The passage of torture from unambiguous moral outrage to just another tool of American power is a remarkable story, but not a particularly surprising one if we consider the efforts undertaken to obscure it. The use of euphemism, legalese, the absence of victim’s voices in the media, and in some cases outright suppression of evidence, have all contributed to keeping the unpalatable details out of the spotlight. How are we to exercise moral judgment without an adequate view of the facts?

The philosopher and novelist Iris Murdoch believed that clear moral vision, the capacity for gaining “a refined and honest perception of what is really the case” requires immense determination. It requires a process of “unselfing,” her term for the stripping away of self-centered conceits and the influence of various ideological justifications (nationalism, sexism, religious dogma, etc.) that make it difficult for us to appreciate how others experience the world. By giving our full attention to the question at hand and exercising empathy, we are able to arrive at an appropriate moral judgment. Yet Murdoch’s emphasis on moral attention is completely meaningless when confronted with an ethical dilemma that cannot be seen in full. This is precisely the problem with torture.

Torture is conducted in secret, in dark rooms, by individuals whose identities are typically unknown to the general public. The victims are often anonymous. Whatever reassurances offered by our political leaders as to the humanity of the methods or to the tightly restricted conditions under which these methods are deployed, there has been very little discussion concerning the very real physical and psychological consequences of torture. Because of this, I suspect that what appears to be robust American support for torture is actually quite flimsy; it would likely collapse if confronted with a bit of transparency (and some Murdochian moral attention).

Is the public aware, for instance, that more than one hundred people have died in U.S. custody and that many of these deaths were later ruled homicides by military investigators? My students certainly were not, until I had them read about it. I teach a course on the history and politics of torture at Lehman College and many of my students—most of who arrived as determined proponents of “enhanced interrogation techniques”—are horrified to learn that people have been literally tortured to death in American custody. Few of us are able dismiss this terrible truth as contemptuously as is Dick Cheney, who apparently has “no problem” with the deaths of wrongfully imprisoned detainees “as long as we achieve our objective.”

The invisibility of torture is not only a byproduct of widespread ignorance of the grisly details, however. It is also a result of the sterile descriptions used. If political language is, as George Orwell famously wrote, designed “to give an appearance of solidity to pure wind,” the written language of torture is designed to render the horrific benign. “Enhanced interrogation techniques” is by now widely recognized as the Bush Administration’s major contribution to the art of euphemism, but the individual techniques themselves continue to go unchallenged.

In print, “forced standing” reads like a minor inconvenience; “sensory deprivation” like a game of hide-and-seek; “rough handling” like a fraternal wrestling match; “stress positions” like a particularly intense session of yoga. This language is intentional. Modern torturers have dispensed with crude methods, and have instead devised techniques that remain either palatable or invisible to the general public. The political scientist Darius Rejali calls such techniques “clean torture,” practices perceived as less physically violent because they leave no permanent scars but which nevertheless cause immense physical suffering and often irreversible psychological damage.

Euphemism is not always up to the task however. One of the more disturbing revelations described in the torture report is the CIA’s practice of “rectal rehydration,” a term that term barely conceals the brutality of the act: force-feeding through the anus. If we take American federal law as a guide, which forbids “[t]he penetration, no matter how slight, of the vagina or anus with any body part or object … without the consent of the victim,” the practice would be more honestly described as “rape.” Even if the American public is told that such a practice is “legal,” as various pundits and politicians have claimed in recent days, the moral outrage remains. When 59 percent of the country claims to support the CIA’s interrogation practices, I doubt they have “rectal rehydration” in mind.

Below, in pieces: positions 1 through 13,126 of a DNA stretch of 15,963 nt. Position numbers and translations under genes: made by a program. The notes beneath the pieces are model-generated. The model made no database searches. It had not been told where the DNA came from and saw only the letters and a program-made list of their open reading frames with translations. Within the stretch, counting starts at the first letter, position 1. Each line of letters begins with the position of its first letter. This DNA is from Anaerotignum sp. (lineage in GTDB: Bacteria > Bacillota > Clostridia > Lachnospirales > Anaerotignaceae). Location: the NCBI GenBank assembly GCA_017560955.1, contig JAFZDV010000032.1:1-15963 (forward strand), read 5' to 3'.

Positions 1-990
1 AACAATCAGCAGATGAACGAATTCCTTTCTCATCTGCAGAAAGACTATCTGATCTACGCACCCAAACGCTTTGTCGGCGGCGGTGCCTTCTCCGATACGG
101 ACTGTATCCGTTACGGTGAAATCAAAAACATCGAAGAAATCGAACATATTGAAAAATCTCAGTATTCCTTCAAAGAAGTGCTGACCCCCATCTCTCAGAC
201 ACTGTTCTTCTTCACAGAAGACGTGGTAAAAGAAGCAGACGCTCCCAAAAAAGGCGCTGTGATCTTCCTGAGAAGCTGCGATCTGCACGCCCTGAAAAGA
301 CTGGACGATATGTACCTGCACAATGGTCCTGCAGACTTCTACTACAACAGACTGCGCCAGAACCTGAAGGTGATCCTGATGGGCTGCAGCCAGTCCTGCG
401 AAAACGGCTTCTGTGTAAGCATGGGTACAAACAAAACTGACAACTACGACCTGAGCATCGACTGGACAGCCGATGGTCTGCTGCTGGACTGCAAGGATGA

Very occasionally, we are offered more than either euphemisms or silence. The Abu Ghraib prison abuse scandal became the national outrage it did mainly because of the abundance of photographic evidence provided by the perpetrators. As the cliché has it, a picture is worth a thousand words; images of atrocities shock the conscience in ways the written word rarely achieves. One suspects that it is for this reason that President Obama has refused to declassify thousands of unreleased photographs depicting the abuse at Abu Ghraib prison, despite promising to do so as he entered office.

Major General Taguba, who led the investigation into the abuse at Abu Ghraib, has repeatedly claimed the unreleased photographs depict rape (the White House and Pentagon deny this) and yet he still urges that they not be declassified. As he argues, “the mere description of these pictures is horrendous enough, take my word for it.” While the techniques detailed in the Senate Intelligence report easily match and in some cases exceed the abuses committed by soldiers at Abu Ghraib, the CIA wisely destroyed all video evidence of waterboarding. All we are left with are the written descriptions.

Public opinion is important. It signals to our leaders the public’s willingness to either accept or oppose policy prescriptions. As Louis Brandeis once wrote, “Sunlight is said to be the best of disinfectants.” In this case, I doubt enough sunlight has been shed to foster adequate moral vision on the public’s behalf. When we’re told that a large majority of the American people now embrace torture as a necessary part of twenty-first century politics, we need to ask how that position developed. What is it the American people think the CIA has been up to all this time and how well does this picture match the reality? Declassifying the rest of the 6,000-page torture report won’t bridge this chasm on its own, but it would go a long way towards establishing basic conditions for moral vision. It might even allow for the kind of moral attention Iris Murdoch believed was necessary for understanding “what is really the case.”